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Section title: Mi'kmaq
Introduction |  History |  Daily Life |  Culture | References

Daily Life


Mi'kmaq children were educated in their traditions by listening to stories told by their elders. Stories were told by way of oral tradition, rather than being written down. The people memorized their stories and passed them on through storytelling. These stories are called "atookwakuns" in Mi'kmaq. It was the oldest people in the villages who would tell the children how everything came to be. Storytelling was also a way of entertaining the children, especially in the winter when it was harder to go outside.

Mi'kmaq girls in sewing class at a residential school in Shubenacadie, Nova Scotia, 1929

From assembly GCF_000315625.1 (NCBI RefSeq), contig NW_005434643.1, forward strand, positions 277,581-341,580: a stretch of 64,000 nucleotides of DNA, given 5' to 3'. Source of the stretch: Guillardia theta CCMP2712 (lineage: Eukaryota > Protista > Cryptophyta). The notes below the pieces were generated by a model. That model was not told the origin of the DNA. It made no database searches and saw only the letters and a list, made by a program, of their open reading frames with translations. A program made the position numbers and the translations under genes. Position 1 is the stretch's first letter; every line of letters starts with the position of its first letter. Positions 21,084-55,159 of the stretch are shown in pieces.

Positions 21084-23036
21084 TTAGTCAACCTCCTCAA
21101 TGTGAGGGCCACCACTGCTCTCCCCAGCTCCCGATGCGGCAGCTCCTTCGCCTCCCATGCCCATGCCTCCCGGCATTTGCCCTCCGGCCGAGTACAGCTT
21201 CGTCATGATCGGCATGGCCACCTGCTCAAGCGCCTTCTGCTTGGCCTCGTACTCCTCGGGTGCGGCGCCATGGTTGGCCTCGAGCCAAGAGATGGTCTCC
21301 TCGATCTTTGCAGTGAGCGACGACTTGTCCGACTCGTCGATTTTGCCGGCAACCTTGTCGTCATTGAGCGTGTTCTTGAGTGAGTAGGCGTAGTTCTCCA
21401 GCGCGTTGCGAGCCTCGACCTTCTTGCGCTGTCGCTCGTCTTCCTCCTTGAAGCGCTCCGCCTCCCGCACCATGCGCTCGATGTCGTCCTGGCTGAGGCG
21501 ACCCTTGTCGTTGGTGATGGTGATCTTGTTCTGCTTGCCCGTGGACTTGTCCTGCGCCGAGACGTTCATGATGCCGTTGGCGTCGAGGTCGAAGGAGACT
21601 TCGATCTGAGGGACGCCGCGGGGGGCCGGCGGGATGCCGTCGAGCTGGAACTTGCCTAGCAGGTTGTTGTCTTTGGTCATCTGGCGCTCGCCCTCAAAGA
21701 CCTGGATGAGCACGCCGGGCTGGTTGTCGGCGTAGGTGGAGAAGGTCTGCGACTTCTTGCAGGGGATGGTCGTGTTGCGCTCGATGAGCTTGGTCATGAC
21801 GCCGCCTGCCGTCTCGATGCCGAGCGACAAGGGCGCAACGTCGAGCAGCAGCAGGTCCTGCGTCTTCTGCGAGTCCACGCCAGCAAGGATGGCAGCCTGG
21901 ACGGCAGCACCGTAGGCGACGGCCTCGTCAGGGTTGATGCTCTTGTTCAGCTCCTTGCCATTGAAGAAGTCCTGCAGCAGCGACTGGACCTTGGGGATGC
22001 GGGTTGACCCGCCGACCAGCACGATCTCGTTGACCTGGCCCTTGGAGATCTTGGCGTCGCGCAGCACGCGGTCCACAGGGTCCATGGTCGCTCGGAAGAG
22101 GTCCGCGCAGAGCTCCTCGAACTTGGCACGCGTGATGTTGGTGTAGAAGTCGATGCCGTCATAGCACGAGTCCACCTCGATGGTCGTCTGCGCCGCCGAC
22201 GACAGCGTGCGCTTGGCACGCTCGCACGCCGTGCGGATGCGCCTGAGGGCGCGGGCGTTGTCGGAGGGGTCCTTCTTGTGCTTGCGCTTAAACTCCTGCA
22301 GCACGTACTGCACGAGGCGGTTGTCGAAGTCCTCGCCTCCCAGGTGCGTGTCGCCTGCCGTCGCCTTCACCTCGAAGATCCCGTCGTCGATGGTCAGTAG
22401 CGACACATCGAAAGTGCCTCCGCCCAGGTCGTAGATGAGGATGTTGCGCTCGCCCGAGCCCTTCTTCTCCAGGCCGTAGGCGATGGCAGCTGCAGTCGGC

In the 1900s Mi'kmaq children were often taken far from their homes and sent to schools run by the government and churches. Children were sometimes abused there, and were sometimes punished for speaking Mi'kmaq or for practicing Mi'kmaq traditions. Later on, the government stopped sending Native children away from their communities and the schools were shut down.



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